By way of instance, if you need to prepare a tax return for someone who passed away, you must file a paper return.  Also, paper filing allows you to print and submit images or PDFs to supplement your tax return.

You Need to Build Your Tax Expertise

Several online tax prep tools automate the filing process by asking you questions and using your answers to fill out forms without ever telling you which forms it is filing for your benefit.

If you want to know about, and better review, the details of your tax return, including all forms related to your tax situation, filing a paper return provides the transparency you crave. You can fill out every form line-by-line and see first-hand all the calculations and considerations your refund requires.

There are several drawbacks to paper filing which make the procedure riskier and more taxing than e-filing.

Increases Chances of Errors

Data transcribers at the IRS must manually input taxpayer information for each paper return they receive.  As a result of this, it might result in errors that you may have to fix through an amended return.

Overwhelming for Beginners

For filers who try paper filing after years of electronic filing, gathering all of the forms necessary for things like student loan interest, mortgage interest, capital gains, and business deductions can be intimidating, and it could lead to missing forms or mistakes.

You Need to Remember to Sign the Return

Veteran paper filers realize that you have to manually sign the paper return you submit, or the IRS won’t accept it.  Newbie paper filers often forget this fact, resulting in even longer delays than what you’d normally expect with a paper return.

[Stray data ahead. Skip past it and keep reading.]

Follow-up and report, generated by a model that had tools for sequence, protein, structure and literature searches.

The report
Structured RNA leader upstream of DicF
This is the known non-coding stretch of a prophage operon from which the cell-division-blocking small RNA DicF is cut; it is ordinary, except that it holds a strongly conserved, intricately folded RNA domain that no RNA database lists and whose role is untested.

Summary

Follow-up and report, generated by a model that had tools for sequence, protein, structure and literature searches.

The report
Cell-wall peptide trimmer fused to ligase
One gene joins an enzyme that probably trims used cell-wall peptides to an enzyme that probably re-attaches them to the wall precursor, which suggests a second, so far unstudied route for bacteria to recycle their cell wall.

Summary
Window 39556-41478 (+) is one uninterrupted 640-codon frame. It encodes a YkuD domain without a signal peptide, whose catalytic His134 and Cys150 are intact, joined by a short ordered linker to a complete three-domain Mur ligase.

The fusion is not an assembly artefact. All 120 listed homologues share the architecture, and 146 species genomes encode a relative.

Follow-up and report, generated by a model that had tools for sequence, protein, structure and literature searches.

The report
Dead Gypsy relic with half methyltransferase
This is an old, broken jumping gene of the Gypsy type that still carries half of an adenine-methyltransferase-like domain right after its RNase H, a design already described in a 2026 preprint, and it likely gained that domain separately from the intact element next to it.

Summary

You can do a few things to streamline your yield submission when you file by paper:

  1. Make sure your name and Social Security number are on each page, both front and back. 
  2. Double-check your address. This is where the IRS will send any notices, so it’s vital that you don’t make a mistake.

  3. Mail your return to the right IRS service center, as the address can change based on which state you’re in, and whether you’re including payment with your return.  The IRS provides a state-by-state list online so that you can find the right address.

  4. Get an automatic extension if you’re mailing your return close to the official filing deadline of April 15, 2021.  Keep in mind that you should make a payment with your extension if you believe you’ll owe anything.  Otherwise, you could be subject to penalties and interest.

The IRS provides a list of acceptable filing options on its website, Including the following options:

  1.             Hire a tax professional to prepare your own return. 
  2. There are specific requirements for e-filing or paper filing should you use these programs.

In the unlikely event that your identity is stolen and the thief files a tax return with your information, your e-filed return will be rejected by the IRS as a copy.  You have to file a paper tax return in this case and mail it in with Form 14039, the”Identity Theft Affidavit,” notifying the IRS of this matter.

Key Takeaways

    1. E-filing is fast and provides several free options
    2. Web or site outages can cause frustrating delays for e-filers. 
    3. Paper filing requires more time than e-filing and may be overwhelming. 
    4. Alternatives to filing taxes in your include hiring a tax professional or participating in filing aid programs.